This section is from the book "Complete Self-Instructing Library Of Practical Photography", by J. B. Schriever. Also available from Amazon: Complete Self-Instructing Library Of Practical Photography.
266. Good results can be produced with the ready prepared powders and solutions, and for the beginner's first experiments they are recommended, as he will, without doubt, secure better results with them. However, the experience gained from the preceding instruction will enable you to readily recognize the necessity of knowing the action of the different chemicals employed and the manner of preparing the various ingredients for the developing solutions. The following instruction is, therefore, given, not alone that you may learn how to prepare these solutions, but the experience you will gain thereby will prepare you for the more advanced instruction in Volume II.
267. Don't measure your sodas by weight; use the hydrometer for testing them and you will always have uniform results. A hydrometer can be procured from any dealer in photographic supplies. If sodas in crystal form should dry to a powder, by exposure to air, or vice versa, the weight would be altered, although the strength of the original quantity would remain the same. Consequently a solution made by dissolving 1 oz. of the dry powder would be stronger than that made by dissolving 1 oz. of crystals in the same quantity of water. Also sodas of different brands, and even of the same brand, but procured at different times, are seldom of uniform strength. So if used by weight instead of hydrometer you will be apt to meet with frequent failures.
Hydrometer. The hydrometer used in photography is an instrument for measuring the number of grains of a certain chemical in an ounce of water. The instrument consists of a glass tube, near the bottom of which are two bulbs. The upper bulb is filled with air, the amount of which is sufficient to make the whole instrument lighter than an equal volume of water. The lower and smaller bulb is loaded with mercury, in order that the instrument may remain in a vertical position when placed into the liquid to be tested. (See Illustration No. 30.)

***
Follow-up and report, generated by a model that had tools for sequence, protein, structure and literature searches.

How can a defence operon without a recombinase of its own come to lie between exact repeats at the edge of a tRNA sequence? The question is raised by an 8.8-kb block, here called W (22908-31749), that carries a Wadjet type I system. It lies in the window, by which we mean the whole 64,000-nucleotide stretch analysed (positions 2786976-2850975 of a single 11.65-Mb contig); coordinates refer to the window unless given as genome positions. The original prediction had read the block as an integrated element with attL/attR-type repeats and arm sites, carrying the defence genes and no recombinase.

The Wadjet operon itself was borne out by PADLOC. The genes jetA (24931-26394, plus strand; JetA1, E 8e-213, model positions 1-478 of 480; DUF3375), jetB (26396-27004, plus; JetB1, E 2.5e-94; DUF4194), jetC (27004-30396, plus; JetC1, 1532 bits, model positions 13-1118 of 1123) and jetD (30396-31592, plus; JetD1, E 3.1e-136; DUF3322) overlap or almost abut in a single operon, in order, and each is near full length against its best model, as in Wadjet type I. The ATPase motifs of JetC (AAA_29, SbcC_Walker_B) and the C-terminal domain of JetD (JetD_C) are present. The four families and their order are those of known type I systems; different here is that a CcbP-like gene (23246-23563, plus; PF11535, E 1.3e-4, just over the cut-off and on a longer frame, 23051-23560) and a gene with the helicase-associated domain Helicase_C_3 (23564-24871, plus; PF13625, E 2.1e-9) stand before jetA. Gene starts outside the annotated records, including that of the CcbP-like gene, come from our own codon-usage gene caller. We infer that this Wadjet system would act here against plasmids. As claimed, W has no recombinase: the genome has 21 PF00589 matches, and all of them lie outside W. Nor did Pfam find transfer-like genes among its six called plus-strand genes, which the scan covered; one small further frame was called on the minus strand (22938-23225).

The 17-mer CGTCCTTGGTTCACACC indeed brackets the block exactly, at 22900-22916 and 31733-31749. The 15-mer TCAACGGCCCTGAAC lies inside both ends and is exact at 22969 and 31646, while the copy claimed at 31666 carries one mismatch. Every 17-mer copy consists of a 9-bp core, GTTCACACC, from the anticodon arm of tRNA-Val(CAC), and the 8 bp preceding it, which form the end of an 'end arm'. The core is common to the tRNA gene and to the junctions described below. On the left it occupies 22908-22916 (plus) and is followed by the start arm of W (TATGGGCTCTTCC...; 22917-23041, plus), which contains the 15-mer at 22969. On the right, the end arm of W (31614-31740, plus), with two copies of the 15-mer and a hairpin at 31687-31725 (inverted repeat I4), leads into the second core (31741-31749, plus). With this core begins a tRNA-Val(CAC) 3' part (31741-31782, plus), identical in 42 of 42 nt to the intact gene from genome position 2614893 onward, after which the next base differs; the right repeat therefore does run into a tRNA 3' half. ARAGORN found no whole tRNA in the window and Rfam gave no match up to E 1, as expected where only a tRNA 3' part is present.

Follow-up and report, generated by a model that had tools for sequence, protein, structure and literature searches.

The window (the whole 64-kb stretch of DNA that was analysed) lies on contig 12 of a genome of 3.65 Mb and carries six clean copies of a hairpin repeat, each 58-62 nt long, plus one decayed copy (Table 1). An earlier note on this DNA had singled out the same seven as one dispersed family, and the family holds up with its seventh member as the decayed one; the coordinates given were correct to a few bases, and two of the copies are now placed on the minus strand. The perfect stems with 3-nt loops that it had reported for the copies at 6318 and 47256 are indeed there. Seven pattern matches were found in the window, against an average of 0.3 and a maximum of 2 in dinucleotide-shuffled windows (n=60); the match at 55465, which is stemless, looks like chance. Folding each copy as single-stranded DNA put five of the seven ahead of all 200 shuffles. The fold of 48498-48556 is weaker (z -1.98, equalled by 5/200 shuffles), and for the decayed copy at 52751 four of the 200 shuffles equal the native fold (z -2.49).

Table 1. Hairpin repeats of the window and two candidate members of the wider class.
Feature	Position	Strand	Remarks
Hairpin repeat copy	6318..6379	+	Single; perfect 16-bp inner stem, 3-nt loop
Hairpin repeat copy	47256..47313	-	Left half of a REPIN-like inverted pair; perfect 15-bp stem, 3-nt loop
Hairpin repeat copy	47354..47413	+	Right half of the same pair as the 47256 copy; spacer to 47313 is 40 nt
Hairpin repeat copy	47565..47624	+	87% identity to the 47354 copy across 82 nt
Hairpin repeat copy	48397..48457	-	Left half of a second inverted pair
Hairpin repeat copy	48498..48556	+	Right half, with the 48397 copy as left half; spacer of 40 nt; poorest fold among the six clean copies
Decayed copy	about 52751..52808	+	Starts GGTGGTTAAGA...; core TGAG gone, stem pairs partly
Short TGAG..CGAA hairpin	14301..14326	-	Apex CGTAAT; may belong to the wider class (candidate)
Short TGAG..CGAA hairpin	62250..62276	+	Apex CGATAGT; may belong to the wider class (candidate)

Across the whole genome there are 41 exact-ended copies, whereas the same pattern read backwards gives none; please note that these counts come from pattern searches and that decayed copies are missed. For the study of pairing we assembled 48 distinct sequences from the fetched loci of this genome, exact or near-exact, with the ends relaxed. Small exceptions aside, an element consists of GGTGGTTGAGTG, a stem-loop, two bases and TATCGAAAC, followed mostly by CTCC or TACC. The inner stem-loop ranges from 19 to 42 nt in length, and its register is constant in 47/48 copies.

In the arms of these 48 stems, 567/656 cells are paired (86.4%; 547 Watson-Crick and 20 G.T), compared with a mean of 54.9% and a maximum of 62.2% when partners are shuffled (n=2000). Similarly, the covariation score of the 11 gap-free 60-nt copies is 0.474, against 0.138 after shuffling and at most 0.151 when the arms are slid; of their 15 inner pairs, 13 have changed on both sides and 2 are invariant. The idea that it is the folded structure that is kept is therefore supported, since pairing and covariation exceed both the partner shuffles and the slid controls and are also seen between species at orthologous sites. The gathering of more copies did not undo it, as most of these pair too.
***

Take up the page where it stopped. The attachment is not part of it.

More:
Illustration No. 30.
269. The point to which the hydrometer sinks when placed in clear water is marked zero, the tube being graduated below this point in such a manner that the specific gravity of the liquid can be read. The specific gravity of a body is the proportion between its weight and the weight of a like volume of pure water.
How To Compound A Formula. First, be sure that your graduates, stirring rods, and any receptacles you may use are perfectly clean. (For methods of cleaning glassware we refer you to the Glossary, Volume X.) The water you use should not be taken fresh from the tap, but should be allowed to stand for some little while, to permit the air to escape. If scales are used for weighing out the chemicals, care should be taken that they are perfectly clean and work accurately. Always add the chemicals one to the other in the sequence given in the formula, and see that one chemical is thoroughly dissolved before adding another. Keep the chemicals you use always in tightly corked bottles or tins, and be careful to label all your bottles so that you should not, by accident, get hold of the wrong solutions.